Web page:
“See!” exclaimed Bud. “This makes things look bad. If those fellows are robbers they’re armed. We haven’t a gun on board, and if we had we wouldn’t want to get in a fight over an affair that looks more like a joke than a tragedy.”
“And yet it may be a tragedy,” said Hal.
At this moment Cub reappeared in the cabin and the situation was explained to him.
“It begins to look like a tragedy,” he admitted; “and yet if we treat it as a tragedy and it proves to be a joke, we’ll feel like a comedy of errors.”
“Now, you’re getting highbrow, Cub,” was Hal’s mock objection.
“It’s common sense, isn’t it?” the youthful philosopher reasoned.
“Yes, but you forget one thing,” the sly-eyed Hal rejoined: “With so much Q R M, it’s very hard to pick out common sense in an affair like this.”
“That’s true,” replied the other. “We’ve had more interference in this trip thus far than anything else.”
“And the big question now is, how’re we goin’ to tune it out?”
“I confess, I’m stumped,” said Cub. “Guess we’ll have to refer the whole matter to father, but I bet he’ll be up against it just as much as we are.”
Cub turned toward the companionway with the intention of seeking an interview with Mr. Perry in the wheel house, but Hal delayed him again.
“Wait a minute,” said the operator. “Here’s our island friend again.”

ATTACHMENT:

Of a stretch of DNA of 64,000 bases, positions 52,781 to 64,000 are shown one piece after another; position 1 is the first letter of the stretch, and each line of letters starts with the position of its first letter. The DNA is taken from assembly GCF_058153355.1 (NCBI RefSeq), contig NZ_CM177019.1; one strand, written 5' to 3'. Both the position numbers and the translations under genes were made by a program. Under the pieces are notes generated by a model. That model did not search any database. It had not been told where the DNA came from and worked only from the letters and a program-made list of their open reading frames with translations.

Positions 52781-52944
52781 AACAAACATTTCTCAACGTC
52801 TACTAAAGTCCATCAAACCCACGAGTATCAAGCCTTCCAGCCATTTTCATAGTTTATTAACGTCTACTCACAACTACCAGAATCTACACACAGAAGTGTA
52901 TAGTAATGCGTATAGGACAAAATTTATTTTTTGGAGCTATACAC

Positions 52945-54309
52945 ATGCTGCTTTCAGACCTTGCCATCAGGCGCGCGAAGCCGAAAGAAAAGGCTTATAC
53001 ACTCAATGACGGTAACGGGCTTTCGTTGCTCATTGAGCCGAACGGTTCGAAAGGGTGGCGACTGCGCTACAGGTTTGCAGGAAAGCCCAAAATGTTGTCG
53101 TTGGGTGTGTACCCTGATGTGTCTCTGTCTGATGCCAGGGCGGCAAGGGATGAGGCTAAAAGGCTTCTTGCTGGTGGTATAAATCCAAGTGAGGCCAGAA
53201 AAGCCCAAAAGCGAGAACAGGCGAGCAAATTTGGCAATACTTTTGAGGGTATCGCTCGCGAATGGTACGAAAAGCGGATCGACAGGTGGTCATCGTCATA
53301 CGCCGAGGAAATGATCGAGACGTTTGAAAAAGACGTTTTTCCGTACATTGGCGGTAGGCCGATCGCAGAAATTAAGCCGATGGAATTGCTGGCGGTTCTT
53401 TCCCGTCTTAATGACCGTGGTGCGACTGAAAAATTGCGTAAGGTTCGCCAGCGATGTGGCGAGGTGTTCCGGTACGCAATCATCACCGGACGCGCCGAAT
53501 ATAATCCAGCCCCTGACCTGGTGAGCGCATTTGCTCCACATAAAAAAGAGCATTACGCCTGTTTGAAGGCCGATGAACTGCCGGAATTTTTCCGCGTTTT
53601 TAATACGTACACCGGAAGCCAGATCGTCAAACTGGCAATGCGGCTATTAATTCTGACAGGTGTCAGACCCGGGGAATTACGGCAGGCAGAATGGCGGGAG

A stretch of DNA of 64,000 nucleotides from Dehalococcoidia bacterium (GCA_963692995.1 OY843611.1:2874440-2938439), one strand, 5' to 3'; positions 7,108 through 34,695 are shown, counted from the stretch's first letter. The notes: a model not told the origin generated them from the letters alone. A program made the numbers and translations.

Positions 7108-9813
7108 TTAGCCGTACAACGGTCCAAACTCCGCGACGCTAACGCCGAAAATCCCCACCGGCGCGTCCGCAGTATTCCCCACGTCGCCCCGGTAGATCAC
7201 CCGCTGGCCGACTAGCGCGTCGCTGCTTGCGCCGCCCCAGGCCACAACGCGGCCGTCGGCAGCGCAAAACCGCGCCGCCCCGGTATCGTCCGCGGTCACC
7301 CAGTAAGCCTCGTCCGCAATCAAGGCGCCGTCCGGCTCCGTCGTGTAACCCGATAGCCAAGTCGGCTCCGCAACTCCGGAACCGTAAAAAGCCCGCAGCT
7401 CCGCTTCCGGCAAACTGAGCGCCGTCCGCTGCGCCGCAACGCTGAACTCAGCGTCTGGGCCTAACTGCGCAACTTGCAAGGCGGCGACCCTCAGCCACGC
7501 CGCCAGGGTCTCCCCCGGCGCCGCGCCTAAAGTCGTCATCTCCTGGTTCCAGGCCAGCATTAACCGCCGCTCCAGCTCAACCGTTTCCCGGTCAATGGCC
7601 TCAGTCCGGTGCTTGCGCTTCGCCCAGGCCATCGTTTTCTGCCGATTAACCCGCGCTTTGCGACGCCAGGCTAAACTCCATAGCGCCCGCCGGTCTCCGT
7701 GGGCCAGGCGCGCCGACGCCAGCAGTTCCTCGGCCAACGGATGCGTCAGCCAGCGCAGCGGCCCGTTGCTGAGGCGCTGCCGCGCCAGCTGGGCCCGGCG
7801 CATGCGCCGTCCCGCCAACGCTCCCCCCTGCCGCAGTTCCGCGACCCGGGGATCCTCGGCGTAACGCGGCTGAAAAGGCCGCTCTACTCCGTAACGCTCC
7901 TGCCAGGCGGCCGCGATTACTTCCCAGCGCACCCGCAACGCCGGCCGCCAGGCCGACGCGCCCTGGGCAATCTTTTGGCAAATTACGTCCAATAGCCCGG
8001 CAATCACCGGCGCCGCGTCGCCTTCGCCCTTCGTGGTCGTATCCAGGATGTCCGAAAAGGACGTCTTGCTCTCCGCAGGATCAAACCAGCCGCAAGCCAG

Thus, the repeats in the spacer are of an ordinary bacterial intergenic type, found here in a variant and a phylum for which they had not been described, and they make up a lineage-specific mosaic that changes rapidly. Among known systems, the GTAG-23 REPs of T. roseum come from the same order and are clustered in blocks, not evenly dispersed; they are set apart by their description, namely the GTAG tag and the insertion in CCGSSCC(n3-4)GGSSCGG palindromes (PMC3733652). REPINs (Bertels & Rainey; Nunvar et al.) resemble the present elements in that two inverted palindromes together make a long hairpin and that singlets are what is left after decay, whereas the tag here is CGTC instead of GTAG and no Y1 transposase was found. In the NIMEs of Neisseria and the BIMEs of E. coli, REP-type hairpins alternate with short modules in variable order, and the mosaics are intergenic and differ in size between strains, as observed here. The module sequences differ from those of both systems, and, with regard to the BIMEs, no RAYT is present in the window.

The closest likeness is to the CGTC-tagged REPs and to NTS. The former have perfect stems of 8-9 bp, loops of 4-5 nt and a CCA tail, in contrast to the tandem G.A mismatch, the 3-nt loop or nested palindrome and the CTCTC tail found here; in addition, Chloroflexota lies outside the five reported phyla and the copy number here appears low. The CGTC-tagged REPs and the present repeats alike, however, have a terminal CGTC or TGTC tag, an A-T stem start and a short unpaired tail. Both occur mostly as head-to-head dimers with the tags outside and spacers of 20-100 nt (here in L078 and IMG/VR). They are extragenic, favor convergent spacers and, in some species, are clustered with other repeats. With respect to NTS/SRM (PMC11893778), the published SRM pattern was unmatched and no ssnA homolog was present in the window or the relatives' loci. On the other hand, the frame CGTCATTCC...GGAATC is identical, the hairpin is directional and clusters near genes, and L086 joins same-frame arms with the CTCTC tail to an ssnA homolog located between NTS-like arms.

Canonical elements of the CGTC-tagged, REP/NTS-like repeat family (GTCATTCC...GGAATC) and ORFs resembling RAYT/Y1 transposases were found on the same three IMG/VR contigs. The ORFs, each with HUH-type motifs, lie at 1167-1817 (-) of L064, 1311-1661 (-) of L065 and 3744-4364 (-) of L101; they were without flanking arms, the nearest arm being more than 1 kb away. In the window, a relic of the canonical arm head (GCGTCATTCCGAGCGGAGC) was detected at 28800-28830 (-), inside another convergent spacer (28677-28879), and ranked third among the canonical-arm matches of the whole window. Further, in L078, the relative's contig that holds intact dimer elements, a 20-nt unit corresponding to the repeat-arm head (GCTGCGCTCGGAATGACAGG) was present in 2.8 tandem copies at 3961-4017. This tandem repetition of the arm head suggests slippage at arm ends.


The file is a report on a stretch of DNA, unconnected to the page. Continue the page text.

Cub and Bud donned their phones once more. The message received was more startling than any preceding.
“They are coming ashore,” was dot-and-dashed into the three boys’ ears. “I see four bad-looking men. I am going to run before they see me and—maybe—swim. Good-bye.”
“What in the world shall we do?” exclaimed Bud.
“I’m going to find out,” declared Cub, as he dashed out of the cabin.
Hal, meanwhile, was busy again. The mysterious amateur who had persistently attempted to turn the supposed near-tragedy into a joke was spitting the Catwhisker’s call again.
“Fools!” he flashed spitefully. “Goodnight.”
A Mystery and Cub’s “Goat”
Cub hastened to his father and gave him a rapid narrative of events as they had been received by wireless.
“Well, that’s interesting, to say the least,” observed Mr. Perry with a look of curious amusement.
Cub waited a few moments for further comment, but as it was slow coming, he asked impulsively:
“What are we going to do?”
“What do you think we ought to do?” inquired the man at the wheel, looking sharply at his son.
“I don’t know; I’m stumped,” was the boy’s reply.
“That’s a frank admission. First time I’ve known you to admit such absolute defeat. Do you think we’d better turn about and go back home?”
“No,” Cub replied with a revival of decision in his tone of voice.